Sen. Lindsey Graham – the driving force behind the Restoration of America’s Wire Act (RAWA) in the Senate – appears willing to consider alterations to RAWA that would create an exemption for online lottery sales.
That’s per a report in GamblingCompliance (p/w).
Graham told GamblingCompliance.com that he isn’t seeking to block online lottery sales, and that his office is “talking with” those who believe RAWA would ban such sales to “see if we can find some accommodation.”
It’s unclear how Graham’s (apparent) flexibility vis-à-vis online lottery will comport with Rep. Jason Chaffetz’s vision for RAWA in the House.
Chaffetz reportedly recently told state lottery officials to introduce their own bill if they didn’t like RAWA’s approach to online lottery sales.
Graham’s willingness to move online lottery sales into the “approved” column also seems at odds with Sheldon Adelson, who is a driving force behind the push to federally ban regulated online gambling.
In early March, Las Vegas Sands’ Andy Abboud told GamblingCompliance that he didn’t see “any appetite” for a carveout for lotteries that chose to move into online sales “based on their simple interpretation of the Wire Act.
A lottery carveout would add to the numerous exemptions already found within RAWA:
At that point, RAWA would effectively only ban state-regulated online poker and casino games and (possibly) similar tribal operations. That’s it.
And lottery games are already rapidly converging with slot machines. Have a look at the Michigan Lottery’s online offering for a ready example. So RAWA wouldn’t so much ban online casino as force it to reshape to fit into a lottery mold.
All other forms of online gambling are either not within the purview of federal law or already rendered illegal by existing law.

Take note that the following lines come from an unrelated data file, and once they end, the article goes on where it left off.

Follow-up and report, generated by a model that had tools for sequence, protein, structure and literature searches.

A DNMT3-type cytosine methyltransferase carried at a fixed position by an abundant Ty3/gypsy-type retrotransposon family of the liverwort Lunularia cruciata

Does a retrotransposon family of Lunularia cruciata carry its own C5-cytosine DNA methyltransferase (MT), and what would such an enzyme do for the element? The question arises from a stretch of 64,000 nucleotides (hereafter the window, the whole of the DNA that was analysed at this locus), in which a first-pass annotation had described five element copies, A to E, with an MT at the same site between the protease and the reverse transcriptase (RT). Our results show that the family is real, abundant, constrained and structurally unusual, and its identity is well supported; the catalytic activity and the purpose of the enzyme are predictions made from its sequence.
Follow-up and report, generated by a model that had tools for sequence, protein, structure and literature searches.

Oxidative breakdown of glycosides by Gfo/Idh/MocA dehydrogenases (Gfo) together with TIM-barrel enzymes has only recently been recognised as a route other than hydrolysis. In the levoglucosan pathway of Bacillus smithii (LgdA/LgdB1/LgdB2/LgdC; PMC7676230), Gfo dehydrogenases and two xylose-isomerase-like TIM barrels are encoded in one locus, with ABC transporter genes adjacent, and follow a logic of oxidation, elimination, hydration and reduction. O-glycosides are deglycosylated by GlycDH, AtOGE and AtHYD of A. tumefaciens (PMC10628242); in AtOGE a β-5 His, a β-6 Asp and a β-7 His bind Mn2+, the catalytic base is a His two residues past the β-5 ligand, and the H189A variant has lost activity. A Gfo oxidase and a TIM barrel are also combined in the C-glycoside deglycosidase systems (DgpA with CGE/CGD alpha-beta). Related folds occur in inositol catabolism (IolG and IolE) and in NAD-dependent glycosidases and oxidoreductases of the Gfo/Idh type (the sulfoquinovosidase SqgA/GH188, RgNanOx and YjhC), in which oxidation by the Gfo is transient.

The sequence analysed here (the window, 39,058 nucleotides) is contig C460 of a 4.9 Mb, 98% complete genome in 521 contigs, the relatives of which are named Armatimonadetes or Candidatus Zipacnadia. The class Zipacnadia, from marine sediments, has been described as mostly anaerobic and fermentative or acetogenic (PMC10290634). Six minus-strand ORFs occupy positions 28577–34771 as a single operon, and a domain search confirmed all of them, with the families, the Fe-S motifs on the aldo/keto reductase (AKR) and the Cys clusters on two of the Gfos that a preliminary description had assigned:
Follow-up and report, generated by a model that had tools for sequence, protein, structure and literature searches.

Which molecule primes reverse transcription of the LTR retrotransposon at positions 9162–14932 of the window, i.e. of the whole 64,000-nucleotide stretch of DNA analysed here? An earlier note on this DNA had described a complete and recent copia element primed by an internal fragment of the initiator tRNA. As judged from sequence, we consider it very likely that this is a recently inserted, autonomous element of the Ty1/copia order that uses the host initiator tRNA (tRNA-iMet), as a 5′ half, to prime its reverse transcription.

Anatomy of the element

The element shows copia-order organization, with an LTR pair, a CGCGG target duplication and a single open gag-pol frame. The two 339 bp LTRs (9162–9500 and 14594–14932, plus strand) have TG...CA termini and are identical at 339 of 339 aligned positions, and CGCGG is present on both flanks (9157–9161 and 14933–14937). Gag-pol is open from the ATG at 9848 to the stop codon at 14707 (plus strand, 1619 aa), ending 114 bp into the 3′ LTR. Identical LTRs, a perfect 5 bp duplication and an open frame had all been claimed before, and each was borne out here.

So what’s left?
The casino games that can’t be readily (or profitably) turned into a lottery experience and state-legalized online poker.
With four states already offering online lottery and some dozen others at various points of considering online sales, the lotto lobby has been one of the most vocal opponents of RAWA.
— Steve Tetreault (@STetreaultDC) March 25, 2015
A recent letter from Kentucky Lottery head Arthur Gleason to his state’s Congressional delegation captured the tone and tenor of the broader opposition:
As President & CEO of the Kentucky Lottery Corporation (KLC), I am writing to ask you to oppose the adoption of the proposed Restoration of America’s Wire Act (RAWA). As Congress contemplates addressing Internet wagering again, I hope you will preserve our state’s right to offer lottery ticket sales over the Internet and protect the existing sales channels used by the KLC. If enacted, RAWA poses a significant threat to both future and existing lottery sales in Kentucky.
Read a synopsis of additional lotto-driven criticism of RAWA here.
One of the more telling moments during the recent House hearing for RAWA came when Rep. Cedric Richmond – who was a co-sponsor of RAWA in 2014 – forcefully raised the point that RAWA would shut down online lottery sales.
Richmond asked the panel what would happen to the lottery if RAWA passed. Only Parry Aftab offered an answer:
Aftab: "If RAWA passes, your lottery goes offline." Rep. Richmond: "Does anyone disagree?" No one disagrees #RAWA
— Chris Grove (@OPReport) March 25, 2015